Fear is a Best-seller
Pyongyang’s failed rocket launch last month created quite a stir in the international arena. Nations in East Asia flaunted their top missile defense capabilities, the U.S. set about pulling out all diplomatic stops, and China chortled its best ‘non-interference’ rhetoric. The international media, as anyone would expect, focused its watchdog eye on what actions the DPRK would take, and what the result of the launch would be. Western journalists debated North Korea’s ulterior motives for seeking satellite technology, but no one really questioned the incentives of the other nations in the Six Party Talks for the launch to actually go ahead.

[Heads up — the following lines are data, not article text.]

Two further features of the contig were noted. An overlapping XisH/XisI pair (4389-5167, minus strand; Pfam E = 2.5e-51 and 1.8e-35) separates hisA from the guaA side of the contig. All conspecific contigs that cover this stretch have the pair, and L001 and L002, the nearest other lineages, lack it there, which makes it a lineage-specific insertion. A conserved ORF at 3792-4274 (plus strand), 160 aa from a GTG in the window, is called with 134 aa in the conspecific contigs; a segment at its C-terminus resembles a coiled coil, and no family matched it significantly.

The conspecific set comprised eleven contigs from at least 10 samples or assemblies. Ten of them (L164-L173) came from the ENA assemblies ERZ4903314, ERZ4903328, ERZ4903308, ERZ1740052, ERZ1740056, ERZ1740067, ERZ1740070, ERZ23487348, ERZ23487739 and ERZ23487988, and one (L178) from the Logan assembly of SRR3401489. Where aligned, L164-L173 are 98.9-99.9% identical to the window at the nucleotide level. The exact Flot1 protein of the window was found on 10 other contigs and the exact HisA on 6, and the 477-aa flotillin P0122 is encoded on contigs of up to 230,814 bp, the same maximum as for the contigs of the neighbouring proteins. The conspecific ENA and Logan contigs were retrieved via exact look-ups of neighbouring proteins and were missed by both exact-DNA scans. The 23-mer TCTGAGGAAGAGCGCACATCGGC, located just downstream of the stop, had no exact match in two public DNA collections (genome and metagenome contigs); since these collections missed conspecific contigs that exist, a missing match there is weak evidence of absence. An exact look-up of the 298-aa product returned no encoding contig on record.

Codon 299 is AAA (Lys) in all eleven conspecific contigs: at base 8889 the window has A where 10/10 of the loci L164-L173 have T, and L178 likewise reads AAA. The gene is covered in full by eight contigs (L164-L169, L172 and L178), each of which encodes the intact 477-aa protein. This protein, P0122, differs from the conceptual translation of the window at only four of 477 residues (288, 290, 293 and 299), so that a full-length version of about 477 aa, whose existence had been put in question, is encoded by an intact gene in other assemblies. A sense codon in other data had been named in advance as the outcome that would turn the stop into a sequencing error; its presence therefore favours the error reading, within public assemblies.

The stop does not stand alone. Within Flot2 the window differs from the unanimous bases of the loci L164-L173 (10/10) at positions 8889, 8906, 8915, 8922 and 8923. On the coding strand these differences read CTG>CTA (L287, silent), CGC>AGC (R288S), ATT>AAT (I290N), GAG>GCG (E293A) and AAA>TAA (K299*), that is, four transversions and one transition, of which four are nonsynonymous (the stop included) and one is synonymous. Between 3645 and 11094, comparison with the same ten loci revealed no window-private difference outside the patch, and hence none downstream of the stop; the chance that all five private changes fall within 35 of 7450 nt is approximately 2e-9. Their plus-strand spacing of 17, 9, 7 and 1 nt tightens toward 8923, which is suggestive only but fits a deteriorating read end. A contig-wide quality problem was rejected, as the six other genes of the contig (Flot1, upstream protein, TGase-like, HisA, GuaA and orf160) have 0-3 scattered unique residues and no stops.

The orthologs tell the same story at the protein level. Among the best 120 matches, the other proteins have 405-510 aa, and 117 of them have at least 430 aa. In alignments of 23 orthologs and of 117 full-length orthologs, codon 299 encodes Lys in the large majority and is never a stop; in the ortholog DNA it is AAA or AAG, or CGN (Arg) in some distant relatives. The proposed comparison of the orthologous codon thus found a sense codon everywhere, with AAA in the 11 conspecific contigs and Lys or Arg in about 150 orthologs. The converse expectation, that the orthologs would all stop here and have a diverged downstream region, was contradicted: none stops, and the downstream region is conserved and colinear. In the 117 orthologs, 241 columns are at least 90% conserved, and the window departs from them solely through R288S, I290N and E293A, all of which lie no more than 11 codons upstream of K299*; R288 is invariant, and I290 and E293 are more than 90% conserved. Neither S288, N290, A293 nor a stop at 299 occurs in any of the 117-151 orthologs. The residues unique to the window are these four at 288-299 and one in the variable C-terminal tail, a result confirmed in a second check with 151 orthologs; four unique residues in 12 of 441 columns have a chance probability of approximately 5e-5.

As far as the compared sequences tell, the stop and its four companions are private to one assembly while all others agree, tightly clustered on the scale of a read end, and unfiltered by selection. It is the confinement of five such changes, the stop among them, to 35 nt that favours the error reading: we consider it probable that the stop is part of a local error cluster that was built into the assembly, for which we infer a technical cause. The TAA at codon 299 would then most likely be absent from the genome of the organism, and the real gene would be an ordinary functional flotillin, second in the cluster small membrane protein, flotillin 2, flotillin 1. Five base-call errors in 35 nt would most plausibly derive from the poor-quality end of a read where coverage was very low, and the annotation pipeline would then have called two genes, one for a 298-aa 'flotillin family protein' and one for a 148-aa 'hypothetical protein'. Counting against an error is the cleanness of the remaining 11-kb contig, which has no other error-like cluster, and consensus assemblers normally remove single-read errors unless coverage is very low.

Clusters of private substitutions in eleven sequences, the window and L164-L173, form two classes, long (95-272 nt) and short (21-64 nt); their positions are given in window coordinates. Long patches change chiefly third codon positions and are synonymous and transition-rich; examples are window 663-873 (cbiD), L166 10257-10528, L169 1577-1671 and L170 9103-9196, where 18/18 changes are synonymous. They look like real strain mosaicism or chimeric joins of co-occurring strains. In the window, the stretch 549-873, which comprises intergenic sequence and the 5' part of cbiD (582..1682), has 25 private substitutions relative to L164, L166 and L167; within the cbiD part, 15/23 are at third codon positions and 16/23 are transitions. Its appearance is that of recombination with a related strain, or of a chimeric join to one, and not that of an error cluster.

Well, why should they? Japan was in the way of the satellite trajectory and needed to rightly defend itself, while the U.S. had obligations to protect its allies in the region and it has been playing a key role in DPRK negotiations for years. Why should we suspect them for anything other than initiating well-founded, preemptive strategies? With North Korea having hinted at another nuclear test, East Asia is again concerned about potential DPRK security threats.
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